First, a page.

Female intimate partner homicide: a population-based study
Moracco, K. E.
Runyan, C. W.
Butts, J. D.
Publication: J Am Med Womens Assoc
Topics: Domestic Violence Gender Homicide Law Enforcement State
Keywords: Intimate Partner Violence North Carolina guns women
Bibliographic information +
The authors examined the patterns of female intimate partner homicide, the nature of the partner relationships between victims and perpetrators, and the extent of intimate partner violence (IPV) preceding the homicide, using data from North Carolina medical examiner records and conducting telephone interviews with law enforcement officers about 293 partner homicides of women age 15 and older in North Carolina between 1991 and 1993. They found that most women were killed at home (80%) and with guns (66%). 46% were killed by marital partners. Intimate partner violence was noted in two-thirds of the cases. Homicides by former non-marital partners were the most likely to have been preceded by IPV. 106 victims with histories of IPV had had contact with law enforcement or judicial systems in the year before death.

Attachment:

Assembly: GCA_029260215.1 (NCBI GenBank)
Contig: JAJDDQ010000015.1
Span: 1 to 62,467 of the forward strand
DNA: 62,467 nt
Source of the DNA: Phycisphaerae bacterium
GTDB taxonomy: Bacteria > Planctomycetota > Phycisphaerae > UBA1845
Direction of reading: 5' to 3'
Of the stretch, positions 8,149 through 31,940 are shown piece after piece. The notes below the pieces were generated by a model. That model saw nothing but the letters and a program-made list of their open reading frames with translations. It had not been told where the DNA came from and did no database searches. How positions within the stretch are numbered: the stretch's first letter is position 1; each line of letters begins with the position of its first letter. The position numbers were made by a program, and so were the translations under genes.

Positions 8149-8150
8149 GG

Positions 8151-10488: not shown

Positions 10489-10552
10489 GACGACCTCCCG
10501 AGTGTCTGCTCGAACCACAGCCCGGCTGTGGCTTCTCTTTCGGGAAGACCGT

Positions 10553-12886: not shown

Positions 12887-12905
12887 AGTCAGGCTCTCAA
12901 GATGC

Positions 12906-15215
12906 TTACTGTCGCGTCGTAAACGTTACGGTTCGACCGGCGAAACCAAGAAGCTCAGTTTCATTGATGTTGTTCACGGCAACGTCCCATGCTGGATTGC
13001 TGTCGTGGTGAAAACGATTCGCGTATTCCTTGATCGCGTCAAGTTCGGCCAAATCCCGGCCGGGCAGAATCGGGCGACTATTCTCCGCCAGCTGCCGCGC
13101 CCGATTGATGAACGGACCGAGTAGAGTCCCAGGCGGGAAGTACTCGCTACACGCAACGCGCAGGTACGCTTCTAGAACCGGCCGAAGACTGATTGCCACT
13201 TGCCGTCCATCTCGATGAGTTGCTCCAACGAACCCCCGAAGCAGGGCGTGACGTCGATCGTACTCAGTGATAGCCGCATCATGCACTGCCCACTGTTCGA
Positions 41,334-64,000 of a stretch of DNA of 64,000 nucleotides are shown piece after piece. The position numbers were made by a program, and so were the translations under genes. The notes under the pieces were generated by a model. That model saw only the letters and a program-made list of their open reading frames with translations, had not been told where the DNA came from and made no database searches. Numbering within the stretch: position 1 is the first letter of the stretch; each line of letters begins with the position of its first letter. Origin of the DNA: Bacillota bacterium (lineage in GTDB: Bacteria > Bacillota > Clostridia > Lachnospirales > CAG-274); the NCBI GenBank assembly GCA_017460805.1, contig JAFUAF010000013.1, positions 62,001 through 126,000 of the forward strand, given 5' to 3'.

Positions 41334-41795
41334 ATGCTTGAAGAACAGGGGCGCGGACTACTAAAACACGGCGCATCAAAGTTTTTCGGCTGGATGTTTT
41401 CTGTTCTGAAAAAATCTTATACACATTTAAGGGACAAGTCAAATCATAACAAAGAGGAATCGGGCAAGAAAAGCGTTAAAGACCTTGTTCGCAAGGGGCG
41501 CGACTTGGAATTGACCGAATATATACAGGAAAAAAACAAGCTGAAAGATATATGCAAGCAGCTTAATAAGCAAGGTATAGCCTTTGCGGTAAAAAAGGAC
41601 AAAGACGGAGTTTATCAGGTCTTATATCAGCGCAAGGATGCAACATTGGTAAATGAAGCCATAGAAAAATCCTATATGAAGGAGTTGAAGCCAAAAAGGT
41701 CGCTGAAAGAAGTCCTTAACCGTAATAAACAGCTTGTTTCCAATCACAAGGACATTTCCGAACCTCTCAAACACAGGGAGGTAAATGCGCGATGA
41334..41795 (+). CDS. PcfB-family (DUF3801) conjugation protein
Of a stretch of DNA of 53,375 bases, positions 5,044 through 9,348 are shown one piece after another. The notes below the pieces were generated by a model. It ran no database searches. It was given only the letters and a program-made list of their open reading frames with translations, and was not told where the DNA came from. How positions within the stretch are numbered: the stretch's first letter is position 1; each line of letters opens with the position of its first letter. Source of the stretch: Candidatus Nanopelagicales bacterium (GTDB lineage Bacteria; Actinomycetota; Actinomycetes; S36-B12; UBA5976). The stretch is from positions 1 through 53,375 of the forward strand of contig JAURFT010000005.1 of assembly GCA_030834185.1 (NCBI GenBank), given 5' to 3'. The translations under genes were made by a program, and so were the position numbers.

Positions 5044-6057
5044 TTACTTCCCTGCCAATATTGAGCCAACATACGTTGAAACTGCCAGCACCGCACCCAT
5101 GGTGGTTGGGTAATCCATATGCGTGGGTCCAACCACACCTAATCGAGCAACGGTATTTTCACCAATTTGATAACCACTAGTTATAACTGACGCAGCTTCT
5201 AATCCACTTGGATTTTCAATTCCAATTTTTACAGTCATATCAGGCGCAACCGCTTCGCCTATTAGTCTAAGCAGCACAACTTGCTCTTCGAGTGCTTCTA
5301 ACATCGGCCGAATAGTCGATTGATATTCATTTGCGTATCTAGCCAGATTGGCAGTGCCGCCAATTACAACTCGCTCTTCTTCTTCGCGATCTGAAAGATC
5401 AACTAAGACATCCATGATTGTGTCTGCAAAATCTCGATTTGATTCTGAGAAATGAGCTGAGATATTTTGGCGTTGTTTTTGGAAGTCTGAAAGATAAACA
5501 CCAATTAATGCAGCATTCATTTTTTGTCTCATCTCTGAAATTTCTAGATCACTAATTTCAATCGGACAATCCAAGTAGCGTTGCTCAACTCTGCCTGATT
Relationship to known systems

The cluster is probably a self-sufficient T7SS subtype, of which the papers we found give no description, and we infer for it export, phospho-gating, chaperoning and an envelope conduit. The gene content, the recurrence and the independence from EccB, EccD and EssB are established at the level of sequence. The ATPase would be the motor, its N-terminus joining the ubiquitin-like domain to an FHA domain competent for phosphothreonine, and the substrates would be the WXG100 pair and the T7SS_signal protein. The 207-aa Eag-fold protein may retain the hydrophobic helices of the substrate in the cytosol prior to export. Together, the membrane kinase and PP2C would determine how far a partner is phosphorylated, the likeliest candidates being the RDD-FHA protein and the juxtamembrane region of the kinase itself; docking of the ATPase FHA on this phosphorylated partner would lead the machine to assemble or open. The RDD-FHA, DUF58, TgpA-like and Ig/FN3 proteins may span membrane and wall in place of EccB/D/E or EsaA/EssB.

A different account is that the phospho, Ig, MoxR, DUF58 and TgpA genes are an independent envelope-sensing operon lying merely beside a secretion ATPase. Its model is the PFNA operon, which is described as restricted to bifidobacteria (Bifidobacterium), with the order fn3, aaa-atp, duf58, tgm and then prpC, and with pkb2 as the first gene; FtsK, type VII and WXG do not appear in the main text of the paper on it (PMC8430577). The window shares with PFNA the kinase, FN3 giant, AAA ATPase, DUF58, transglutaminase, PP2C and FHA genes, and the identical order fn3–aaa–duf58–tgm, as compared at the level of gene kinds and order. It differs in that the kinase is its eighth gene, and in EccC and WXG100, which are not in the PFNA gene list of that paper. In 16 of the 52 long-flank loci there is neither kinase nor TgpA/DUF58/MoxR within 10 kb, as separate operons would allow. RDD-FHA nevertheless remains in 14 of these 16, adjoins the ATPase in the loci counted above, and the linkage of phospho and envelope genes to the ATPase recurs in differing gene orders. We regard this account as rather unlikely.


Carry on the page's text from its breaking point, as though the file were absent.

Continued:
Moracco, K. E., Runyan, C. W., & Butts, J. D. (2003). Female intimate partner homicide: a population-based study. J Am Med Womens Assoc, 58(1), 20-25.
Moracco, K. E., C. W. Runyan, and J. D. Butts. "Female Intimate Partner Homicide: A Population-Based Study." J Am Med Womens Assoc 58.1 (2003): 20-5.